Popular cities to visit in Scotland for architecture advice, Best Scottish buildings tips
Popular Cities To Visit In Scotland For Architecture
19 May 2022
Scotland is well known for its kilts, bagpipes, whiskey, and the Loch Ness monster. However, it is also home to a lot of classic architecture, and the buildings are in excellent condition. In fact, many buildings are still in service today and are home to a wide range of modern attractions. While it is a small country, it has an incredibly rich history. Despite its turbulent history, a lot of these historic monuments are still in fantastic condition today.
If you are in the UK, Scotland is a destination that will offer a completely unique experience. Everything, from the food to the sites to the language to the drinks, is completely different from anything else you will find in the region. If you are into architecture and classical buildings then this is a gold mine. Let’s look at some of the best places to visit in Scotland if architecture is your poison.
The capital of the country is one of the most popular tourist destinations and for good reason. It is home to some excellent classic buildings from as late as the medieval era to as recent as the 18th century. One of the most popular locations in the city is Edinburgh Castle. It is open to visitors and right nearby is the Royal Mile. This is a local pedestrian-friendly bazaar that has shops for everything you could think of. These two locations give you a glimpse of what the city must have looked like a few centuries ago during the middle ages.
To get a slightly more recent view of the city you can head over to the New Town area. Most of New Town was built in the late 17th and 18th centuries. One of the most interesting features of New Town is the classical Georgian townhomes. These really show the architectural design of that period along with what life was like, since most of the buildings have all the basic things that were required back then. From the inside, these homes have been renovated to meet modern needs, but there is still much to learn from the structures of these buildings.
The next biggest city in the region is Glasgow. It is home to some fantastic buildings, and these buildings are also venues for some of the best events in Europe. For instance, you have some of the best art museums in Glasgow such as the Riverside Museum. There is the iconic Glasgow Cathedral and the well-known Glasgow School of Art. Another unique thing in Glasgow is that there is a completely rebuilt replica of various homes and shops from the 1930s. You will also find a huge collection of local transport-related historical artifacts such as steam engines, buses, carriages, cars, and even boats and ships.
The city is also situated on the Clyde River and just a little upstream and out of the city, you get some excellent spots to explore the wilderness of the area. You can get fantastic packages on Hot tub cottage holidays and spend these out in the northern parts of Scotland where there is no one to disturb you and a huge area to explore. The great thing is that the main cities such as Glasgow are just an hour or two away so you can very easily enjoy the best of both worlds.
3. St. Andrews
The sport of golf was born in St. Andrews. To date, it is one of the most sought-after locations for golfers from around the world. It is home to the Ancient Golf Club which was founded in the mid-18th century. If you enjoy golf and you enjoy architecture, just the golf clubhouse on its own is worth a trip to St. Andrews. It is a magnificent building, but it’s one that you can only enjoy from the outside. However, if you happen to be there on the right day of the year, you can get access to the interior for a quick view around the ground floor. Even on this special day, you can’t get access to the entire building, but it is still well worth a visit even if it’s just a walk around the main rooms on the ground floor.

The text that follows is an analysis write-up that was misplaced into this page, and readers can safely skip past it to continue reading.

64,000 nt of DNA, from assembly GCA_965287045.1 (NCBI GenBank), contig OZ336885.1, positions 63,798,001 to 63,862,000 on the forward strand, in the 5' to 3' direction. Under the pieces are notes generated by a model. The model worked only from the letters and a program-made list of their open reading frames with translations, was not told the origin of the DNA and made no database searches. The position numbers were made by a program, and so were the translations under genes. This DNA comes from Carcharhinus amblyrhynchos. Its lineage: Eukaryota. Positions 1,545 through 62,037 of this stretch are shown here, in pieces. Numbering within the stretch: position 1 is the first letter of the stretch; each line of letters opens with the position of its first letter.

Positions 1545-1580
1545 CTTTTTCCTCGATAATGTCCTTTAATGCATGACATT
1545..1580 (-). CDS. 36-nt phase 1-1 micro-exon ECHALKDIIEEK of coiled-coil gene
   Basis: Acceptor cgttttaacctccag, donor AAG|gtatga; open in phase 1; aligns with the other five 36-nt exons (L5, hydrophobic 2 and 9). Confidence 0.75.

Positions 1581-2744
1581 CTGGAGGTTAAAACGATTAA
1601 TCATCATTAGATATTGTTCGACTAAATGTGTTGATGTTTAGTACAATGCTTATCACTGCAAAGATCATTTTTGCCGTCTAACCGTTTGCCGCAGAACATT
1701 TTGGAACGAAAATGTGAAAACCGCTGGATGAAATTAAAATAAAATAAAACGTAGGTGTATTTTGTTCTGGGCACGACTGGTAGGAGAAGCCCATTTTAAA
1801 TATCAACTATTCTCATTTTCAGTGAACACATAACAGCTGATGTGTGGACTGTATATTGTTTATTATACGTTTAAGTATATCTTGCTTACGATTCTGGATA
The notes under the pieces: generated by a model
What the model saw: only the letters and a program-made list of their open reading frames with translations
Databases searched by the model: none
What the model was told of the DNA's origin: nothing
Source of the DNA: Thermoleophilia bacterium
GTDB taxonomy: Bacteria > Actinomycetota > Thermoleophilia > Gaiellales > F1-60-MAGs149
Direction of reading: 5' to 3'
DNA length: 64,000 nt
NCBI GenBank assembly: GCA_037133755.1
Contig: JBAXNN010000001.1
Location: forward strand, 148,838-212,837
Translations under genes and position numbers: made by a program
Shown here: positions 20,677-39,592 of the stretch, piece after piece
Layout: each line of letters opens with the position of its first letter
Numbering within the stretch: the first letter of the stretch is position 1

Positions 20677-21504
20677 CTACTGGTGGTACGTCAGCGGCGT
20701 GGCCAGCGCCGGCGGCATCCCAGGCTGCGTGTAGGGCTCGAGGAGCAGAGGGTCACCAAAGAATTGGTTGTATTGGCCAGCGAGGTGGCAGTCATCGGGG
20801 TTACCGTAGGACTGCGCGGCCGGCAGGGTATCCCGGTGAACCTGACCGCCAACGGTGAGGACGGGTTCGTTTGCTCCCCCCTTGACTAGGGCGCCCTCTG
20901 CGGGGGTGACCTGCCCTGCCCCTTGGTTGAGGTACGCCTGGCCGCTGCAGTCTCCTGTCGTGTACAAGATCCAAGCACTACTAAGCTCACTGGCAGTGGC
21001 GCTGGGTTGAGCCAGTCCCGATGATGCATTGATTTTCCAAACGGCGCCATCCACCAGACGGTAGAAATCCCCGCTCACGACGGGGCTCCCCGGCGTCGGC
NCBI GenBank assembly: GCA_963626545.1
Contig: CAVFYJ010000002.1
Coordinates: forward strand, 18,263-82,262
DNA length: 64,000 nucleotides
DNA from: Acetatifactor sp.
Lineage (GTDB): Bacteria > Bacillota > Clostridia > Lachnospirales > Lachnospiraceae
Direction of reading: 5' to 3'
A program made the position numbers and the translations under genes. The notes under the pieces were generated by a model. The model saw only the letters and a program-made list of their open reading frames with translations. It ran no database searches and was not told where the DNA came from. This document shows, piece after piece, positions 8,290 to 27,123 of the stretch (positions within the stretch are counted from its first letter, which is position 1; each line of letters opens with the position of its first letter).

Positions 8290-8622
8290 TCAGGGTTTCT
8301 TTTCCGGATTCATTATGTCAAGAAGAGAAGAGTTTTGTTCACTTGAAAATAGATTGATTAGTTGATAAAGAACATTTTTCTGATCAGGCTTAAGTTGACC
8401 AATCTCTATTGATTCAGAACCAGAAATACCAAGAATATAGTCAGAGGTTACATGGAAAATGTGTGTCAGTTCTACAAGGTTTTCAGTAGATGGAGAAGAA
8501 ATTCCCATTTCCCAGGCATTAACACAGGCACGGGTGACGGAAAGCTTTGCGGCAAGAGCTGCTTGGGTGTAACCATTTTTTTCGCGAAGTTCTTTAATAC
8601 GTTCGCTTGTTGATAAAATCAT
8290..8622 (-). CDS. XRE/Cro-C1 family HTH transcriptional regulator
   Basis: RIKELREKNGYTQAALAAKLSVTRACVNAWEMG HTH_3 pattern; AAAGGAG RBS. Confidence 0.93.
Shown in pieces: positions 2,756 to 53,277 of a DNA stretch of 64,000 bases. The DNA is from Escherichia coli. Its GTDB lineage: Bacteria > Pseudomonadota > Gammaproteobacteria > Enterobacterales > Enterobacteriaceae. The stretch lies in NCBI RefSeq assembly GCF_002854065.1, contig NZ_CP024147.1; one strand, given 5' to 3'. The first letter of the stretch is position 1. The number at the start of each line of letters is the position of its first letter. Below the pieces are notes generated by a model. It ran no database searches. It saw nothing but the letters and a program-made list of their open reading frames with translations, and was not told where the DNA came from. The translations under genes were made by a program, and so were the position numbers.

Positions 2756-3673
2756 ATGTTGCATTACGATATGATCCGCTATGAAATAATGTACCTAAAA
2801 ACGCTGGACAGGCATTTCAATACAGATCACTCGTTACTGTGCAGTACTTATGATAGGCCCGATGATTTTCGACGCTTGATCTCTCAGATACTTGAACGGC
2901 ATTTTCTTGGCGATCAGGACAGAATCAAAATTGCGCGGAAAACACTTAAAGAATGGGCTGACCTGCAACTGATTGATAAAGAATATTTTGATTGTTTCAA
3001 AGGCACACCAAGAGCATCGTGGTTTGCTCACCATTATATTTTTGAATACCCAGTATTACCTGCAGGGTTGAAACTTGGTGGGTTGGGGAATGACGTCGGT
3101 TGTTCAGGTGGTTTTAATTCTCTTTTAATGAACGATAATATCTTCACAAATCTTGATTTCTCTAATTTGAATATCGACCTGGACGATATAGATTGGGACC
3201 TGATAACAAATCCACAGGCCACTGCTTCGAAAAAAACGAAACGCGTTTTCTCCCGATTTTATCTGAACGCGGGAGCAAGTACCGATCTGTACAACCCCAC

Another architectural wonder located nearby is the Golf Museum. This is home to some of the most iconic artifacts related to golf that has been played in St. Andrews as well as globally. Also, St. Andrews is a university town and the university campus is also home to some spectacular buildings. Many of these buildings are very old, but thanks to excellent renovations and top-quality upkeep, they are still used today and have been preserved in their original forms. For some older history, be sure to have a look at the ruins of St. Andrews castle and the town’s old cathedral while you are there.
When exploring the Scottish Highlands it would be a sin to not pay Inverness a visit. This cozy little city is home to some fantastic local scenery, such as the beautiful lake, but it is also home to some outstanding buildings and structures. The most prominent of these is the Inverness Castle. Right opposite the castle is the St. Andrews Cathedral. This is another very old structure that is open to the public and definitely worth exploring. As you move towards the old city center you will come across even more architecture ranging from many different time periods. In the old city center, you can also find the Inverness Museum and Art Gallery which holds a lot of information about the general Scottish Highland region as well as about Inverness.
The great thing about Scotland is that it is a relatively small place. You can easily travel from the West to the East, from the South to the North, even if you are there just for a few days. However, the dense history and the depth of the experience demand that you spend a good amount of time really understanding what the place and its history are all about.
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Rowanbank Gardens, Corstorphine, Edinburgh
Rowanbank Gardens Edinburgh Housing
West Town Vision
image courtesy of architects practice
West Town Edinburgh Property Vision
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